A new plan to protect and improve the Prom
Monday 22 May, 2023
To be developed with Traditional Owners, and with ideas and information from visitors, community and stakeholders, the plan will outline how this unique area of land and sea should be protected, visited and celebrated for the next 15 years.
Wilsons Promontory National Park is one of Victoria’s most special places – an Aboriginal cultural landscape and dramatic natural environment brimming with native plants and animals. It’s also hugely popular with visitors, with its mountains, forests, beaches and accommodation drawing hundreds of thousands each year.
The park is surrounded by a collection of important marine protected areas. This includes the Wilsons Promontory Marine National Park, which was the first in Australia to receive a Global Ocean Refuge award (now ‘Blue Park Award’) in recognition of its marine biodiversity protection.
Together, this landscape provides essential habitat for native plants and animals, with a geography that offers climate change refuge as temperatures increase.
It’s an Aboriginal cultural landscape and contains physical and intangible heritage. It’s a significant place for the Boonwurrung, Bunurong and Gunaikurnai Traditional Owner groups, which maintain connections to these lands, waters and places.
This major piece of work to deliver a new management plan comes at a time of rising challenges for the Prom – and indeed all of the state’s parks and reserves.
Climate change presents multiple management challenges. The increasing risk and intensity of storms, bushfires and coastal erosion will affect how the Prom’s environment, park infrastructure, cultural heritage places, and emergency responses are managed.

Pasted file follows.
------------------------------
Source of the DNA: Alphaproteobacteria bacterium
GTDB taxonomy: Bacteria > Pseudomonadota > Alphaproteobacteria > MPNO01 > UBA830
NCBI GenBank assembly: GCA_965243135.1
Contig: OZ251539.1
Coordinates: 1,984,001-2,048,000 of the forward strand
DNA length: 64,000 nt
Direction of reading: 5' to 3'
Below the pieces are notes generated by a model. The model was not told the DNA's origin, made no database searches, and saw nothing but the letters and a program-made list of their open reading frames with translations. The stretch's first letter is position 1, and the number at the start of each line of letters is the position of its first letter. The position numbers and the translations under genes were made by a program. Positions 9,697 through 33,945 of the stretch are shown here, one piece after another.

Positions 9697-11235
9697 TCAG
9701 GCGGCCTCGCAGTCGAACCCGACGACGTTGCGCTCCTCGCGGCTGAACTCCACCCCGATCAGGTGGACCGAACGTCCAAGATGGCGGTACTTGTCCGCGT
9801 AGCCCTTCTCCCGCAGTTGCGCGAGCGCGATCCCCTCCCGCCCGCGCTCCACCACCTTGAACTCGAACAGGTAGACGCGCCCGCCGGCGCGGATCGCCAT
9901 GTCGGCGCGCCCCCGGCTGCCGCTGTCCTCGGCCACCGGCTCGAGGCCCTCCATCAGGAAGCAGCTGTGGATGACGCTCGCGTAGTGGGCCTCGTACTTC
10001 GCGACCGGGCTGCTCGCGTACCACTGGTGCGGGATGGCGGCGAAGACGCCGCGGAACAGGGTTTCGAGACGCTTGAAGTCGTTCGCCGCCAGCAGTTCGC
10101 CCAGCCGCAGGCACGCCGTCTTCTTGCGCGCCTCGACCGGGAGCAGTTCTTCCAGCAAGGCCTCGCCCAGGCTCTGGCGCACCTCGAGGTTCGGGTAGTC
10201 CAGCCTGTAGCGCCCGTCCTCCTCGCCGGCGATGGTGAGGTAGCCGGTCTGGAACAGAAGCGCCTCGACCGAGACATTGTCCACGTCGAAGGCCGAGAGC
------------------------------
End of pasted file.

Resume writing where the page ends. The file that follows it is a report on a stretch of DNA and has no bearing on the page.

Similarly, increasing visitor numbers and interests requires an updated management approach. The plan will explore how to balance sustainable recreation and access to nature with conservation priorities.
Meanwhile, there are great opportunities to work with Traditional Owners to better identify and protect Aboriginal cultural places and celebrate the landscape’s cultural stories and heritage.
The first stage of community consultation to develop a draft plan will run until 16 July. Across the eight-week stage there will be online and in-person workshops where the community can hear about key management considerations and information about the Prom landscape.
Early ideas and feedback will be gathered, including through an online survey at the Engage Victoria website. Later this year, and then into 2024, these early ideas will be refined and then a draft management plan developed for public feedback.
For further information about the Prom landscape, key issues, and details on the consultation process and how to get involved, visit Engage Victoria: https://engage.vic.gov.au/project/wilsons-prom/page/landscape-management-plan
Quotes attributable to Kerri Villiers, Regional Director – Parks Victoria:
“The Prom landscape is one of Victoria’s truly special places. Through this consultation we’ll be discussing how it can be protected, visited and celebrated for future generations.”
“Much loved locally and by visitors far-and-wide, we look forward to discussing the many different challenges, opportunities and views on how to manage this landscape.”
“We’re delighted to be working on this new plan in consultation with the Boonwurrung, Bunurong and Gunaikurnai Traditional Owner groups.”
Wilson's Promontory National Park. Credit: Parks Victoria